Pavel Steidl interview part 2
Despite the earlier popularity of the lute, theorbo, and other relatives of the guitar, Schaupp and Steidl have resolved to pick up the threads of history with the music of 19th-century composer Johann Kaspar Mertz. ‘For me he is one of the strongest composers in that period,’ Steidl says. ‘At the time the guitar was a salon instrument, but he was searching for a bigger sound, and wrote some of the strongest Romantic music for the instrument.’
Steidl will perform some of Paganini’s guitar music, which he has made a personal speciality, reconstructing the composer’s bemusingly sketchy scores into the kinds of display pieces they were probably meant to be. ‘Paganini was mostly known as a violin player, but his secret love was always the guitar, which he only played in private. The music he left looks very easy, but Hector Berlioz describes in his memoirs how Paganini played the guitar with a virtuosity which he’d never heard before. So you have to use your intuition and build on the written notes with colours, ornamentation and cadenzas.’
They will play the entire first half of the concert on 19th-century instruments, including a small ‘Terz’ guitar, which sounds a third higher than normal instruments, made specially for the tour. For the program’s second half, performed on modern instruments, Steidl and Schaupp will assemble a mixture of Spanish, South American, Australian and Czech repertoire. As well as transcriptions of Romantic repertoire (Granados and Albéniz), the two will interleave recent Australian works by Phillip Houghton and Ross Edwards with that of Leoš Janáček: a transcription of music from his autobiographical keyboard cycle On an Overgrown Path.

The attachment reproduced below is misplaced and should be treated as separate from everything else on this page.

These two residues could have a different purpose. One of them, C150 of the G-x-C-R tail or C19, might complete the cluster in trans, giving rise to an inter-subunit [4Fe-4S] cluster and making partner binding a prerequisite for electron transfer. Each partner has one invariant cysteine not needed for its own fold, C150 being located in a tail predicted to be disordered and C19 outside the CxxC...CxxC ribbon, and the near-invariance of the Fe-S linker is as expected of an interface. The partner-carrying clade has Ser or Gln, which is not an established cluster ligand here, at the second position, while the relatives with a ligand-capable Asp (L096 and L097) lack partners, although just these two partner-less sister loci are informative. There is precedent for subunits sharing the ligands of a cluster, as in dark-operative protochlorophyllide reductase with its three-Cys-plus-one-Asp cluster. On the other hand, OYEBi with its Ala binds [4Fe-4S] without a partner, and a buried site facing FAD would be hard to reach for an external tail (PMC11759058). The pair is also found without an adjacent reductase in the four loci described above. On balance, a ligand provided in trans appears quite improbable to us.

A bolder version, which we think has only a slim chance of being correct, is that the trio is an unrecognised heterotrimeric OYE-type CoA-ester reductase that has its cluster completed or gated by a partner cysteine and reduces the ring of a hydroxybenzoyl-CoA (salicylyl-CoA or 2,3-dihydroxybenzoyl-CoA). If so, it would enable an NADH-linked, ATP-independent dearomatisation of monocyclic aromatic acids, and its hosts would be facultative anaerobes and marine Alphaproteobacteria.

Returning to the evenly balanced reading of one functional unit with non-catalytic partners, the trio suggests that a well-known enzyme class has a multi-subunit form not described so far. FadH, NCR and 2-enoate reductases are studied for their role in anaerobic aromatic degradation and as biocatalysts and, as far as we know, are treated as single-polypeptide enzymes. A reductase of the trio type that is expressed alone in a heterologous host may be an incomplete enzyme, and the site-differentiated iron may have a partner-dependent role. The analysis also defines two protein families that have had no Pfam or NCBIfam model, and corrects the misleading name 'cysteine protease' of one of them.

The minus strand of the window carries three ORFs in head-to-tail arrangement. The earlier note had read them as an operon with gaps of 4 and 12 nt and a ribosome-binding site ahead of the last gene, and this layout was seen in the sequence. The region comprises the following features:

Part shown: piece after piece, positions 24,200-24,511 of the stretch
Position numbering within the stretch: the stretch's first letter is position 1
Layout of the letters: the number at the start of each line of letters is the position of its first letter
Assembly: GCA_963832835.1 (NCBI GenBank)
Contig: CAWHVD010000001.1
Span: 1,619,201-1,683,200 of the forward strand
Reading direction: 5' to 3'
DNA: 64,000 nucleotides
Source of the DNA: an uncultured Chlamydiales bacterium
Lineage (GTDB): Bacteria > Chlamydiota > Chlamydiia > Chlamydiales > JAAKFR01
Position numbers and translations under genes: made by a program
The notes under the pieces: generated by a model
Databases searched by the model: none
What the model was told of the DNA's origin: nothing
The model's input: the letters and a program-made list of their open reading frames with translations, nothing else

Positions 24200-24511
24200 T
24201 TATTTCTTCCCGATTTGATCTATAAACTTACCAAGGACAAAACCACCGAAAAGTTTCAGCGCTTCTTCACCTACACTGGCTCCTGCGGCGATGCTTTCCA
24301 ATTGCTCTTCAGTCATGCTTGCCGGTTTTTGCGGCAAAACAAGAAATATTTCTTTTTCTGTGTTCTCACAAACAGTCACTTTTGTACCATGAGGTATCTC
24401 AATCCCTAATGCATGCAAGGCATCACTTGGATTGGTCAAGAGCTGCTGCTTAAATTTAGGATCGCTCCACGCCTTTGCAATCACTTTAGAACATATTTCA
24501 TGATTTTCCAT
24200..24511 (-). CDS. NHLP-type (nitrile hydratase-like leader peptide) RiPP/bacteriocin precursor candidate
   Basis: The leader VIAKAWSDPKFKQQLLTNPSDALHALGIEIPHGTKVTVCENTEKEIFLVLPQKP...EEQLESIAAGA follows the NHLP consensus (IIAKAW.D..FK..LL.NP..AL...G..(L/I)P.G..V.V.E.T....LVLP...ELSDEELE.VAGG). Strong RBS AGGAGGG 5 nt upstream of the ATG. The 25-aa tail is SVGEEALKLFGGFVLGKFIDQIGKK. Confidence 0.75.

There is, says Steidl, a strong congruity between Australian music and that of Janáček – something he first discovered through the music of Peter Sculthorpe. ‘The sound of language, the sound of nature, the birds, the trees – everything is in there. This is for me why Australian music is some of the strongest of the 20th century. And Janáček’s music was a strong influence.’
In this, too, then, Steidl feels a closer musical connection to Schaupp than the 16,000km which separate their homes would tend to suggest.
‘I was born in Czechoslovakia, where we were not allowed to travel,’ he reflects. ‘And over the last ten years I’ve been to Australia four times. It’s not bad, is it? I’m a lucky person, actually.’
Shirley Apthorp © 2012